The controversial Digital Economy Bill, which includes measures to tackle internet piracy, has been approved by the House of Commons and will become law.
The bill, which was debated for the second time yesterday, received 189 votes and will now be passed back to the House of Lords for final approval.
The bill includes a 'three strikes' rule that will see those suspected of illegal downloading issued with letters from their ISP regarding their activities.
Copyright owners will be allowed to ask a court to order ISPs to reveal the name and addresses of illegal file-sharers so they can start legal action.
Finally, repeat offenders could also face technical measures including a temporary ban from the internet.
However, under amendments made to the bill yesterday, technical measures to tackle internet piracy won't come into force for at least a year and half after the bill is made legislation and only after clear evidence of offenders' illegal activities has been presented.
The new parliament will also be allowed to study and amend the most controversial issues of the bill. A public consultation into these issues will also take place.
A clause that could see courts ordering ISPs to block websites offering copyright infringing content, such as YouTube, is among the most controversial aspects of the bill.
However, a number of MPs criticised the way the bill has been rushed through, in a bid to ensure it becomes legislation before parliament is dissolved next week in preparation for the general election, which was been confirmed for May 6.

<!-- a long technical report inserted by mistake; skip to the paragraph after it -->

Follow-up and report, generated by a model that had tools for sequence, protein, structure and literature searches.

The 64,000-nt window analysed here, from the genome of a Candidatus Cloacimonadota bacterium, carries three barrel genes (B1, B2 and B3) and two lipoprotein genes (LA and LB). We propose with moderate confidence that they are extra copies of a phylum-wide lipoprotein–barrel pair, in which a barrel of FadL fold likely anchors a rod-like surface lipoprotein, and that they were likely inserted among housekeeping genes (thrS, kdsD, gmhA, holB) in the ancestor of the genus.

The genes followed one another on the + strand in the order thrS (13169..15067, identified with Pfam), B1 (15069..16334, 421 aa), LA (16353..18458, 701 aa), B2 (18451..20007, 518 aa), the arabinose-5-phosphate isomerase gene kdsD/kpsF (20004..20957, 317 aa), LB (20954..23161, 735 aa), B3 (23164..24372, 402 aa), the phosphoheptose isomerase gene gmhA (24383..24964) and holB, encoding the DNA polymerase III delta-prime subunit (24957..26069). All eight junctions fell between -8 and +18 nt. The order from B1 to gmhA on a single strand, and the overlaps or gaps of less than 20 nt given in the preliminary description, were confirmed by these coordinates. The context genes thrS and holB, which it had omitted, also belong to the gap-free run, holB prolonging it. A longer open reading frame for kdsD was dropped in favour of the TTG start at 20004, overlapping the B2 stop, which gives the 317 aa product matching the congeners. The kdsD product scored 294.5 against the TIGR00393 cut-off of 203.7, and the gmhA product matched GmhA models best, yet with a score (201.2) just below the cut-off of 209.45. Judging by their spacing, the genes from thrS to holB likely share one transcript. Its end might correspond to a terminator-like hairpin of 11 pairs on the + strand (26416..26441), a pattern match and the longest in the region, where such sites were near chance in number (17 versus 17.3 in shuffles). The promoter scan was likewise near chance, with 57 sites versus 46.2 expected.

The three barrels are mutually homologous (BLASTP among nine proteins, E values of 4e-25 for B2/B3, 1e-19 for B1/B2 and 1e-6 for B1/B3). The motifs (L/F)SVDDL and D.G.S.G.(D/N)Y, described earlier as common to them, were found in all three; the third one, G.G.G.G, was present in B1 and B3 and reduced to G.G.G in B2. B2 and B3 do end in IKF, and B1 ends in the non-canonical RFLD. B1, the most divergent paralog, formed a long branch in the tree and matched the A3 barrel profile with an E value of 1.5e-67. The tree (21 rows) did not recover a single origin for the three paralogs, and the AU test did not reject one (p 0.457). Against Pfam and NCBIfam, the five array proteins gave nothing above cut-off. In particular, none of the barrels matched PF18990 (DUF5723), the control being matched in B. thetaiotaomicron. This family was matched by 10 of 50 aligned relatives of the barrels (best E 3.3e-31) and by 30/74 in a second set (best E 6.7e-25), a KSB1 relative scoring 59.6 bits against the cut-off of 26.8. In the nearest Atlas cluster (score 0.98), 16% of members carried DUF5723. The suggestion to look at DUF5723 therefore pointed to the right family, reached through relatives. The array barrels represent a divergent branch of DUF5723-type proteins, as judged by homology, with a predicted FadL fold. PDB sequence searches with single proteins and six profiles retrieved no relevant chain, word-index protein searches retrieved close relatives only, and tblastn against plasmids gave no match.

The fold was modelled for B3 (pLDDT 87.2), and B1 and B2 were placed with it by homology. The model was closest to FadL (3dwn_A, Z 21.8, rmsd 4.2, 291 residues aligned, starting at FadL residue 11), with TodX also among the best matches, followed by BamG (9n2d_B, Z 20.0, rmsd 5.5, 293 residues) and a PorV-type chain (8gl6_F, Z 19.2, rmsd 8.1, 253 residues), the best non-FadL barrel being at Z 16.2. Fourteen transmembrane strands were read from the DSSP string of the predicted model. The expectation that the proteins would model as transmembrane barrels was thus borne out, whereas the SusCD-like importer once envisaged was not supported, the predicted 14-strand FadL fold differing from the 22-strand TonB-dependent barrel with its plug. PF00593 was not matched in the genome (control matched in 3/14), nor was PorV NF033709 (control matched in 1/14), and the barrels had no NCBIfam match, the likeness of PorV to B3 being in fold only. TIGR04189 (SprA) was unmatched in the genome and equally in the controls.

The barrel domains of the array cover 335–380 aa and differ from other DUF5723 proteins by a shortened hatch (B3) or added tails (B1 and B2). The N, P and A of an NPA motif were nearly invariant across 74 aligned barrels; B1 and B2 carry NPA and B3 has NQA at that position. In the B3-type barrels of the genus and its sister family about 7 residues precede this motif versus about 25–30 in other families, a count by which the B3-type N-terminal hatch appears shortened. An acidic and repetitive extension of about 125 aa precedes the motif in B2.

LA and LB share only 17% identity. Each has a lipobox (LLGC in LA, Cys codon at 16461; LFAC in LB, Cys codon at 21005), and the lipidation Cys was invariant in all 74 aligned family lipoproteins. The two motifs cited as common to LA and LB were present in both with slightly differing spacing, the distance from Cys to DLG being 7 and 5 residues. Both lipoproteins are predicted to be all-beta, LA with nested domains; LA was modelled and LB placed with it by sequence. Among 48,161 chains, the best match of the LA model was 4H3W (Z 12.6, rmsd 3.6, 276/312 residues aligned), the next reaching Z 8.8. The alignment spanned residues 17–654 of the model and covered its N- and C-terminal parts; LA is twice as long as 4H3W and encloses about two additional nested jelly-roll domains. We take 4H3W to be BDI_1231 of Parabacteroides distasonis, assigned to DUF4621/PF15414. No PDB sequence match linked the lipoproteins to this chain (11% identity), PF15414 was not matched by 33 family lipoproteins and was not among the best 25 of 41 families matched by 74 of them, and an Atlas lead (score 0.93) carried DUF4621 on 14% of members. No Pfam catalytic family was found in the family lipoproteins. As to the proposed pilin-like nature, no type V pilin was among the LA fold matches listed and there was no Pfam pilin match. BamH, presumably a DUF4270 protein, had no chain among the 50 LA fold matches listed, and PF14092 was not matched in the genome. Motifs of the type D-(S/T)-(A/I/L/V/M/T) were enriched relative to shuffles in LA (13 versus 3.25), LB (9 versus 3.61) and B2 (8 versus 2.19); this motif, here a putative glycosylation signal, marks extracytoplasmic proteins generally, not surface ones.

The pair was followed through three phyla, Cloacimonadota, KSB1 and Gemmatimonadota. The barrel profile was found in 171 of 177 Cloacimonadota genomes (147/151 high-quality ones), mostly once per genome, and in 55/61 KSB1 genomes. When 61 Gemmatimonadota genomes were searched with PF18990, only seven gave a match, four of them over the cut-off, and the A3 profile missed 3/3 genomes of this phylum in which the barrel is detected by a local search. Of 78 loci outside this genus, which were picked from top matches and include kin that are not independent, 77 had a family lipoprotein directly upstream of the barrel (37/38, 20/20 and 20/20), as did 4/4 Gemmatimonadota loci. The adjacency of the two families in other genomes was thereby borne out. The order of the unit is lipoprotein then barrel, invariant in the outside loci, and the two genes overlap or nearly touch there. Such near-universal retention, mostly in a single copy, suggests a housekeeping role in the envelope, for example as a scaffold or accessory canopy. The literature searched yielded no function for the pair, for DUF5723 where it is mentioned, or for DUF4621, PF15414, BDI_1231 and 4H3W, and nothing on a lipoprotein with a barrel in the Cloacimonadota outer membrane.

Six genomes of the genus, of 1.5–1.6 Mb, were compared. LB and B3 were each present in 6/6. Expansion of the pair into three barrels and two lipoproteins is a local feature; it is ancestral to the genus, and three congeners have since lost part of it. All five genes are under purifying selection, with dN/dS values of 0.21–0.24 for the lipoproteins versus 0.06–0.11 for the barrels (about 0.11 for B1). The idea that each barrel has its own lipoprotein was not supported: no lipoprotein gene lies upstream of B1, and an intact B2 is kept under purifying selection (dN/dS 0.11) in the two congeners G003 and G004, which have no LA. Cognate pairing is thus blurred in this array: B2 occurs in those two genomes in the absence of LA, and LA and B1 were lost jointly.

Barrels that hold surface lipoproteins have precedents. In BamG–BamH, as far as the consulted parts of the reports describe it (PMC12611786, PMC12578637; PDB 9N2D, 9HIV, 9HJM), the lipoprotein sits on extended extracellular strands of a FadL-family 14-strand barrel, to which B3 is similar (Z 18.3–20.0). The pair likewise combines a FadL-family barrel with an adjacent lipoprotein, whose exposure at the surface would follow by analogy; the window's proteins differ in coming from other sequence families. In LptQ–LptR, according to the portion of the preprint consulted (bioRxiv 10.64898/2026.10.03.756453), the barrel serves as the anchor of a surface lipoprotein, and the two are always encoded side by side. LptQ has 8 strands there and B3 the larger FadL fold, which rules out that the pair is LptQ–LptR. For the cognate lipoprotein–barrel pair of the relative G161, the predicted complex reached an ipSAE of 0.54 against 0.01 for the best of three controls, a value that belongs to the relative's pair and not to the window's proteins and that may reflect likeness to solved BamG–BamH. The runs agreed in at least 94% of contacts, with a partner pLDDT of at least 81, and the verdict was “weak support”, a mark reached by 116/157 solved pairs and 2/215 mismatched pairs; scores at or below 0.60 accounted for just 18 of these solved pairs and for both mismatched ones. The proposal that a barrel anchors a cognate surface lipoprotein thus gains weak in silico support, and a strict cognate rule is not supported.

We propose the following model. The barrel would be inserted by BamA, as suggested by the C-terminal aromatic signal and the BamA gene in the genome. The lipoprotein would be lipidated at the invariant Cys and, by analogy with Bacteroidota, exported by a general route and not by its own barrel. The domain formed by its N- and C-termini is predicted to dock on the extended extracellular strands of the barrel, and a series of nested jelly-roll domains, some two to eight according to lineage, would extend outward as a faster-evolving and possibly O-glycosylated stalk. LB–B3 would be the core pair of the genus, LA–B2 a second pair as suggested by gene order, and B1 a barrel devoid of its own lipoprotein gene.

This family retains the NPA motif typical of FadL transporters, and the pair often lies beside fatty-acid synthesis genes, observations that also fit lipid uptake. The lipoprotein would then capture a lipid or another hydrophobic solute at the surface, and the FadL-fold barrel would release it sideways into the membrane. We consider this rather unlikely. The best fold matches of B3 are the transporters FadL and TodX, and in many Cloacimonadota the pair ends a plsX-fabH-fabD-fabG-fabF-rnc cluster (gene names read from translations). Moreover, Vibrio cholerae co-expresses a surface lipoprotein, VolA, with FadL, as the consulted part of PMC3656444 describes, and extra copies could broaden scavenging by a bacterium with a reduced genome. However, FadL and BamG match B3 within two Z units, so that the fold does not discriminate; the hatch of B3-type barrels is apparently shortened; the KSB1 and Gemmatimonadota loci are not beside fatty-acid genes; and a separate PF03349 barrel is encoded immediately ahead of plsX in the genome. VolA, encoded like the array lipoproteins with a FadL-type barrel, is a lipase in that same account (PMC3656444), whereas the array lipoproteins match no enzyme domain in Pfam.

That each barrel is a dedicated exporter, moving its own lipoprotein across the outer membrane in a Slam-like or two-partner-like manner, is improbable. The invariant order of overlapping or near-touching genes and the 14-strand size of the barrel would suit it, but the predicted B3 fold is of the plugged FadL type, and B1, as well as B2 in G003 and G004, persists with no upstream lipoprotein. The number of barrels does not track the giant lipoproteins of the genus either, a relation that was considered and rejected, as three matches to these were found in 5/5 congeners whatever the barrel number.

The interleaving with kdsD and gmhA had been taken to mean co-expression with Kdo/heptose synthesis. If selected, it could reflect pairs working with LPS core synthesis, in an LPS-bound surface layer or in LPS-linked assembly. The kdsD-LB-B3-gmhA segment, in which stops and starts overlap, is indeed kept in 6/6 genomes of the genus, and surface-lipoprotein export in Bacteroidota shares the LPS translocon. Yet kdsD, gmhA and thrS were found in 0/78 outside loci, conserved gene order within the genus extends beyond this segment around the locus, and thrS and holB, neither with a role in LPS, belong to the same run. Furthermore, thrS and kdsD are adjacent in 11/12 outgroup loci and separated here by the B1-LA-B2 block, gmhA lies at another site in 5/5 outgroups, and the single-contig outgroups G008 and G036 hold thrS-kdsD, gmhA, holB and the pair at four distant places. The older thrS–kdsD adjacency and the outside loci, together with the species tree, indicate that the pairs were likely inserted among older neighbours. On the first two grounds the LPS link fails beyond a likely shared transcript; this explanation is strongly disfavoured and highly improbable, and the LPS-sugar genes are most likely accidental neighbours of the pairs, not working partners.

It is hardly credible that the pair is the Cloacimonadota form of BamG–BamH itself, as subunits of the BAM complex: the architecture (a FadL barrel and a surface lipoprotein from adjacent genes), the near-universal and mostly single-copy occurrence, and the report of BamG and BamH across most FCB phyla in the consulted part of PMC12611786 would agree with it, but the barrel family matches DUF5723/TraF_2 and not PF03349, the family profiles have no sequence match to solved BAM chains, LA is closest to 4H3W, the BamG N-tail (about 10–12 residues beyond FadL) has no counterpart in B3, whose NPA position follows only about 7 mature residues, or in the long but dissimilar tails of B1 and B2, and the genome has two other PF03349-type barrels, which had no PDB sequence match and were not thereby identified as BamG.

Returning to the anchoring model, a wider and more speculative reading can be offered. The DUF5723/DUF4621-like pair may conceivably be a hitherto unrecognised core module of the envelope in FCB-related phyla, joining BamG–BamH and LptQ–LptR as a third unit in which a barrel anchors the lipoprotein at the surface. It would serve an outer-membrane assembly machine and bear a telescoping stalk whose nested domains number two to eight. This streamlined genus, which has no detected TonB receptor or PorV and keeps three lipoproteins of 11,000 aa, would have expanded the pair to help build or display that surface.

"There are 20,000 people who have taken the time to email their MPs about this in the last seven days alone. They are extremely upset that this bill will not have the scrutiny it deserves and requires," said Labour MP Tom Watson, referring to an online campaign that urged web users to write to their local MP in a bid to stop the bill being rushed through.
Furthermore, Labour MP Kate Hoey told the BBC: "The reality is out there, the ordinary person who has only begun, many of them, to realise the repercussions of this bill are going to feel totally let down by parliament."
However, according to Culture Secretary Ben Bradshaw, hundreds of millions of pounds every year is currently haemorrhaging from the creative industries because of unlawful file-sharing.
"This is not a harmless or victimless activity. It deprives our musicians, writers and film makers and other artists of their livelihoods and if we don't do something about it, it will pose a serious threat to our creative sectors and Britain's in them."